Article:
Tuesday, December 7, 2010

Should religion be taught in public schools? Yes and it already is.

I came across an interesting opinion piece on the religion and education which asks the question, should religion be taught in the public schools.

Charles Haynes discusses the thesis of a book by Warren Nord entitled, "Does God Make a Difference." In the book, Nord says "American education proceeds on the assumptiion that God is either dead or irrelevant." Strong language yet I would say accurate.

Haynes goes on to describe Nord's argument:

Conventional wisdom in public schools and universities, Nord claims, is that students “can learn everything they need to know about any subject (other than history and literature) without learning anything about religion.” Students are uncritically taught to make sense of the world in
“exclusively secular categories.” And that makes public education “superficial, illiberal, and unconstitutional.”
Haynes asks:

Is Nord right? On the charges of “superficial and illiberal,” I would agree. Ignoring the role of religion in history and society — and, more deeply, ignoring religious ways of understanding the world — deprives students of what used to be called a broad or liberal education.

Education, Nord rightly argues, should address the “big questions” about meaning and morality — questions that cannot be properly considered without giving religion a place at the curriculum table.

A religion-free education may be wrongheaded, but is it unconstitutional? Here Nord goes beyond where most legal scholars are willing to go by boldly asserting that public schools and universities violate the First Amendment’s establishment clause by failing to be religiously neutral.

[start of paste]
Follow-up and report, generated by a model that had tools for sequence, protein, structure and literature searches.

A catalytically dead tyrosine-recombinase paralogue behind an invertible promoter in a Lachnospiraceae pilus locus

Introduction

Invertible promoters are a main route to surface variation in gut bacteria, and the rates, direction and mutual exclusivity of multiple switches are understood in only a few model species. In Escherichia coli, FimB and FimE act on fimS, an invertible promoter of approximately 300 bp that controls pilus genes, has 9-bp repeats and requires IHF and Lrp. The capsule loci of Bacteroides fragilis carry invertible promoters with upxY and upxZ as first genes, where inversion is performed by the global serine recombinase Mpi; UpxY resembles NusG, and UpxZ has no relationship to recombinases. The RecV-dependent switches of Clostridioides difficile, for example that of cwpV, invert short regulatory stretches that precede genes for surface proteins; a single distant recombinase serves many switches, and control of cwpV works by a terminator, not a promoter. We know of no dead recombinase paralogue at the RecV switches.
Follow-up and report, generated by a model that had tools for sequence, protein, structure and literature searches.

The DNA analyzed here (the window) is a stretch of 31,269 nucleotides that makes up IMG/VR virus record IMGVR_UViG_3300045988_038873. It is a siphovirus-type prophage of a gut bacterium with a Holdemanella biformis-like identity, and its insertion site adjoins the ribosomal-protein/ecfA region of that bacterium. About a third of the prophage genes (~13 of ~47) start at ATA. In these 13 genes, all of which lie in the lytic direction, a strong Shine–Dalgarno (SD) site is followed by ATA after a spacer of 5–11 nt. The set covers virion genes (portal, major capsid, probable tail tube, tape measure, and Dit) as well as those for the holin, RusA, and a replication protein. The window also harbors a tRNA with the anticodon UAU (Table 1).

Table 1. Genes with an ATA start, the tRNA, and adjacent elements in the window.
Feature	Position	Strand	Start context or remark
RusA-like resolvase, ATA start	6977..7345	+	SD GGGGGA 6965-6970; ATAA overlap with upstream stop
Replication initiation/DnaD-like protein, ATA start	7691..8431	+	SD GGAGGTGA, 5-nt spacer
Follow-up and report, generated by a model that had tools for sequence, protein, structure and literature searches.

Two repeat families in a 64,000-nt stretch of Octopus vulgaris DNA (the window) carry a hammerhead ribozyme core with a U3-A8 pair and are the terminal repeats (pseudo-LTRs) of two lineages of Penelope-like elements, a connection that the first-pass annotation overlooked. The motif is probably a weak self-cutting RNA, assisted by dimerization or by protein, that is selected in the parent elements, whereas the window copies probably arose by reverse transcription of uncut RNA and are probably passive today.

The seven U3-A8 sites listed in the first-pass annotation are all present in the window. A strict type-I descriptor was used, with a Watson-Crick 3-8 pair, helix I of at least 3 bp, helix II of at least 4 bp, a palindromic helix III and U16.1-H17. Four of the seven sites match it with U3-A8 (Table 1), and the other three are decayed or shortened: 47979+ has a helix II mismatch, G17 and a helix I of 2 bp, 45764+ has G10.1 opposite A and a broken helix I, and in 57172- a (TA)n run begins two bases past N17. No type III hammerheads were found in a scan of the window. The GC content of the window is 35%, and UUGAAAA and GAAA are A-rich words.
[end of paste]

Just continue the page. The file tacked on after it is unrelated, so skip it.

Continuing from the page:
According to Nord, teaching about religion in public schools is not only permissible under
the First Amendment (a point the U.S. Supreme Court has made many times); but it is also required by the Court’s past rulings about the constitutional necessity of government neutrality between religion and non-religion. There is nothing “neutral,” he argues, about teaching all subjects through a secular lens without exposing students to religious alternatives.

I don't know that I'd agree that the courts should mandate particular religions be taught in the schools but it would do well to require "truth in advertising" about what what is currently being taught in the schools under the guise of neutrality. The courts could make the public aware that the reigning orthodoxy in many of public schools is secularism which is a faith just as much as Christianity or Judaism.

Haynes concludes by restating a critical problem with our current education system.

As Nord reminds us: “An educational system that ignores the great existential questions — political, moral, spiritual, religious — is not worthy of respect, indeed, it shouldn’t count as educational at all.”

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